‘Climate change, wastage choke water supply’

13May 2022
Songa wa Songa
The Guardian
‘Climate change, wastage choke water supply’

​​​​​​​THE impact of climate change is taking a toll on water supply system in Tanzania with levels of key sources decreasing alarmingly, the National Assembly heard yesterday.

Water Minister Jumaa Aweso.

Tabling budget estimates for 2022/23 here, Water Minister Jumaa Aweso said in 2021/22 financial year, the country saw extreme weather conditions including prolonged drought and floods attributable to climate change which affected water sector.

While some sources decreases and others dried up completely due to drought on one hand, a number of water infrastructures were destroyed by floods on the other, prompting water rationing, said the minister.

“For instance, water level in Ruvu River decreased to the point of prompting us to take emergency measures to supply water to Dar es Salaam Region,” he said.

“The impact of climate change has necessitated water rationing, decline in hydropower production capacity and massive death of livestock in various parts of the country.”

To reverse the situation, the minister urged Tanzanians to be engaged in climate change adaptation and mitigation efforts such as reduction of carbon dioxide emissions and planting as many trees as possible.

Aweso name non-revenue as one of the biggest challenges with a whopping 36.2 per cent of water lost along the way before reaching final consumers.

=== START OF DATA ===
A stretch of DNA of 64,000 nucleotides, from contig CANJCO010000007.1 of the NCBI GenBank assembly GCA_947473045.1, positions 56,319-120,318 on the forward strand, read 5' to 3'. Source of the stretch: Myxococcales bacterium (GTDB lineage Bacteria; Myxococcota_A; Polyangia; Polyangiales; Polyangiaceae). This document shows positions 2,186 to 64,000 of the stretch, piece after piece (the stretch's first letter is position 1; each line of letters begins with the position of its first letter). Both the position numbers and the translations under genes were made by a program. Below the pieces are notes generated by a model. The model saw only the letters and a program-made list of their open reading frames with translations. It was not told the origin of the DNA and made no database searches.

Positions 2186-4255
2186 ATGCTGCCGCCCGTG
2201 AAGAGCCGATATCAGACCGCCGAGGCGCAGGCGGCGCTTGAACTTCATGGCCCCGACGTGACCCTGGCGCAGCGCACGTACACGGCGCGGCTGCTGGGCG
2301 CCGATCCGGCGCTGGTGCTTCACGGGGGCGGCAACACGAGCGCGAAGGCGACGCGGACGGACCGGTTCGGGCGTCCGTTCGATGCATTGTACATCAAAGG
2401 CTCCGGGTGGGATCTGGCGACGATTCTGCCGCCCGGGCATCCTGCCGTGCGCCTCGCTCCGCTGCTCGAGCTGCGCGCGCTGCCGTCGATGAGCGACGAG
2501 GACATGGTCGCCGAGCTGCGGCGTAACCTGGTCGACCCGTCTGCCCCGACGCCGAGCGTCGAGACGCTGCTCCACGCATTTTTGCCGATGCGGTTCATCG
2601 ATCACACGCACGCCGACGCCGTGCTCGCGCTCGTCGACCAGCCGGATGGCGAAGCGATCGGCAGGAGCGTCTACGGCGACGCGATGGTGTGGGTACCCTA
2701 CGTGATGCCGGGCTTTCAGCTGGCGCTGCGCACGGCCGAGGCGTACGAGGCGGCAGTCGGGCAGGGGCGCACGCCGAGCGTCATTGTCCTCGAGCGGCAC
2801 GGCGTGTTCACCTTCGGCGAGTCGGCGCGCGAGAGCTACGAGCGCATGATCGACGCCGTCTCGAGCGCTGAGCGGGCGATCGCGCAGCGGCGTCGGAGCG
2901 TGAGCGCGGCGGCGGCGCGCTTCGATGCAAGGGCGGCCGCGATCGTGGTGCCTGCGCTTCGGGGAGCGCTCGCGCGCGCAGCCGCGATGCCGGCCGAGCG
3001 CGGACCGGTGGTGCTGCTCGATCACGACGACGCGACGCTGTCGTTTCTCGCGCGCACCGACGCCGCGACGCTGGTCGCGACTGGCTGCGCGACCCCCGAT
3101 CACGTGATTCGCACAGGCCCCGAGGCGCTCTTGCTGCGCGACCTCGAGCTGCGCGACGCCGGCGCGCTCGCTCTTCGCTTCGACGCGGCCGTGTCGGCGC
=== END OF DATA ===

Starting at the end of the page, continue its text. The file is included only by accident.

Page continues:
The percentage of wastage is higher than the international average of 20 per cent, he said.

“The wastage is mainly due to leakages caused by dilapidated water supply infrastructure, vandalism of infrastructure as well as theft of water through illegal connections,” he said.

To change the situation, Aweso said the government is set to change laws to issue sterner punishment to water thieves and vandals of distribution infrastructure.

“We are also working on installation of pre-paid meters, bulk water meters as well as Unified Billing System which requires the reader to physically go to the consumer and ascertain the actual amount of water used,” he said.

He added that the government is in the initial stages of introducing Supervisory Control and Data Acquisition System (SCADA) which identifies water leakages for early repairs.

The minister asked the National Assembly to approve a total of 709,361,607,000/- for his ministry’s 2022/23 financial year. Out of the amount, 51,462,269,000/- is for recurrent expenditure with 16,700,534,000 equivalents to 32.45 per cent budget for other charges.

Some 34,761,735,000/- equivalent to 67.55 per cent is budgeted for salaries for the ministry staff as well as those of the Rural Water Supply and Sanitation Agency (RUWASA) as well as Water Institute.

 A total of 657,899,338,000/- is earmarked for development budget out of which 407,064,860,000/- equivalent to 61.87 per cent will come from internal sources and 250,834,478,000/- (38.13 per cent) from development partners.